(CNN) - Some of the nation's top experts Tuesday were looking for clues into sudden, mass deaths of birds in two states over New Year's weekend.
"This one is unusual because of the time period over which so many birds died," said LeAnn White, a field investigator with the National Wildlife Health Center in Madison, Wisconsin. The center, part of the U.S. Geological Survey, is receiving samples from Arkansas, where as many as 5,000 red-winged blackbirds and starlings fell from the sky in a square-mile area in less than an hour on New Year's Eve, according to the Arkansas Fish and Game Commission.
The center will also examine samples from Louisiana, where 500 red-winged blackbirds, starlings and grackles were found dead in Labarre.
A preliminary report conducted Monday by the Arkansas Livestock and Poultry Commission found that the birds in Beebe, Arkansas, likely died from massive trauma.
There had been reports of loud sounds in Beebe before the reports of birds falling began to come in. It's possible the sounds made the birds disoriented, and they went into sudden, chaotic flights, crashing into each other and into objects, White said. "You're disturbed, you're disoriented, you're trying to figure out where you are. We have seen some stuff like this before when there's heavy dense fog, and they'll run into towers and power lines," she said.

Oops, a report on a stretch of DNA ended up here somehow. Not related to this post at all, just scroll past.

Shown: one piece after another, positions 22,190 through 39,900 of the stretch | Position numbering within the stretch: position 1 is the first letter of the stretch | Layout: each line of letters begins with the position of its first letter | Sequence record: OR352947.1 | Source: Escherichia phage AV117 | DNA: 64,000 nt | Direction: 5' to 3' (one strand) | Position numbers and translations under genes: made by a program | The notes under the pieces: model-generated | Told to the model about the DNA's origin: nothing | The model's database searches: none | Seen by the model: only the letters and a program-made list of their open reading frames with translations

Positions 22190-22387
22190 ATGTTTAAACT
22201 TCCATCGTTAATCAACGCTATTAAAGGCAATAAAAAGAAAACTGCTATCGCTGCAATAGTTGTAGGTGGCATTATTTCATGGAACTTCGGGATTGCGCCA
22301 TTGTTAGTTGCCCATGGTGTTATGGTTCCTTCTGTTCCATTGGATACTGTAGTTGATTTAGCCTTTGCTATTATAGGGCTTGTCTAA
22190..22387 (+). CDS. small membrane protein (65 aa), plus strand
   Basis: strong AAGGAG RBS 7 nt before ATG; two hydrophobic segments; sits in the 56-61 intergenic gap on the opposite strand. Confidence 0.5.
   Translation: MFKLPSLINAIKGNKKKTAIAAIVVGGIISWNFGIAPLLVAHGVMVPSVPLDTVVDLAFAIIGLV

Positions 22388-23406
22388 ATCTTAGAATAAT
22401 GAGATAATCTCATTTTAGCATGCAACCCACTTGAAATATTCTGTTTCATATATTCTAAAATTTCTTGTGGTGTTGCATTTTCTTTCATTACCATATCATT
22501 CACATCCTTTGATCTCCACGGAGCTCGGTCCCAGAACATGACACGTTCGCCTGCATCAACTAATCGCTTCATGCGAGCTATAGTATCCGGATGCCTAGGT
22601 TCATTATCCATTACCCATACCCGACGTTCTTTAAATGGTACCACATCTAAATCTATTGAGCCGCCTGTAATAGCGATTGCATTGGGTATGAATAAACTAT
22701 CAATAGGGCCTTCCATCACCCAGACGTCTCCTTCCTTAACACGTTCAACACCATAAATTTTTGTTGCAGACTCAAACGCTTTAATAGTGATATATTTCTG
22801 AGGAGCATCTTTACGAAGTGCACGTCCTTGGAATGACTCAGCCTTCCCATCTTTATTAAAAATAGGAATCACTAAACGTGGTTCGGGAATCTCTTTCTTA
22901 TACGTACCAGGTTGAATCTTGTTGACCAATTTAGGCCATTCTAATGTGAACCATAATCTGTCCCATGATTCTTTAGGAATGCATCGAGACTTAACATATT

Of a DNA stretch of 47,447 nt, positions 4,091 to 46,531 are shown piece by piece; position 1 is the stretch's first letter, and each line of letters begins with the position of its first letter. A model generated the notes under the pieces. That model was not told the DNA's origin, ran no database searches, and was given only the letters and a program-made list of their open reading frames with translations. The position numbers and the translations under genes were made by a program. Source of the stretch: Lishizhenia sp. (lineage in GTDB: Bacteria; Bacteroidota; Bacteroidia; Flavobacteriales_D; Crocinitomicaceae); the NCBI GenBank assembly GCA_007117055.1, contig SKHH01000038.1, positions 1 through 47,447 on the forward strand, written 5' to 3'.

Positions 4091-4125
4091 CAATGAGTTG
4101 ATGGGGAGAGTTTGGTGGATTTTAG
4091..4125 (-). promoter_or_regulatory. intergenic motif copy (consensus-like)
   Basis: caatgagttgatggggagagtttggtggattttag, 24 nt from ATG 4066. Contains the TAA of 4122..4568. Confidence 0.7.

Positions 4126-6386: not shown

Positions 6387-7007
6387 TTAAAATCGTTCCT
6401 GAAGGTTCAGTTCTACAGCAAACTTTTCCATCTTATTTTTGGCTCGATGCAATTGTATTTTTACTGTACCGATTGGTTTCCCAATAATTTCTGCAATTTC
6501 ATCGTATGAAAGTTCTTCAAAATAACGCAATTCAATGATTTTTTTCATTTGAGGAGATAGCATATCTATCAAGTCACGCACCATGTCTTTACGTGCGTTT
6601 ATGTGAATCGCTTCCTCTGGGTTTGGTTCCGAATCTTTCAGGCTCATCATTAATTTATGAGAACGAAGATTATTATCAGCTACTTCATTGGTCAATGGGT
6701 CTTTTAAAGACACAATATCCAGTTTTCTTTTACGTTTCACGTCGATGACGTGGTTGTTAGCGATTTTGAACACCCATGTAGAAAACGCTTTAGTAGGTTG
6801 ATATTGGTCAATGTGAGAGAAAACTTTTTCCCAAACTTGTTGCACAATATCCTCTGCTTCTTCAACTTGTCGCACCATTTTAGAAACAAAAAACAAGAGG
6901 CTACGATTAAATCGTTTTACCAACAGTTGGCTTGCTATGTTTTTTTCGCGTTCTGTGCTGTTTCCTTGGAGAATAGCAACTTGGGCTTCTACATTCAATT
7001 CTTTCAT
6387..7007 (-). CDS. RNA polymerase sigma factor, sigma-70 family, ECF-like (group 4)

Other bird experts agree that that's a likely explanation. Still, the sudden deaths are quite unusual. "It's kind of a freak event," said Greg Butcher, director of bird conservation for the National Audubon Society. "You just don't see these kinds of mass deaths very frequently at all."
At this time of year, blackbirds are in huge roosts, particularly throughout the southeastern United States, he said. They generally don't fly at night.
Filed under: 360° Radar
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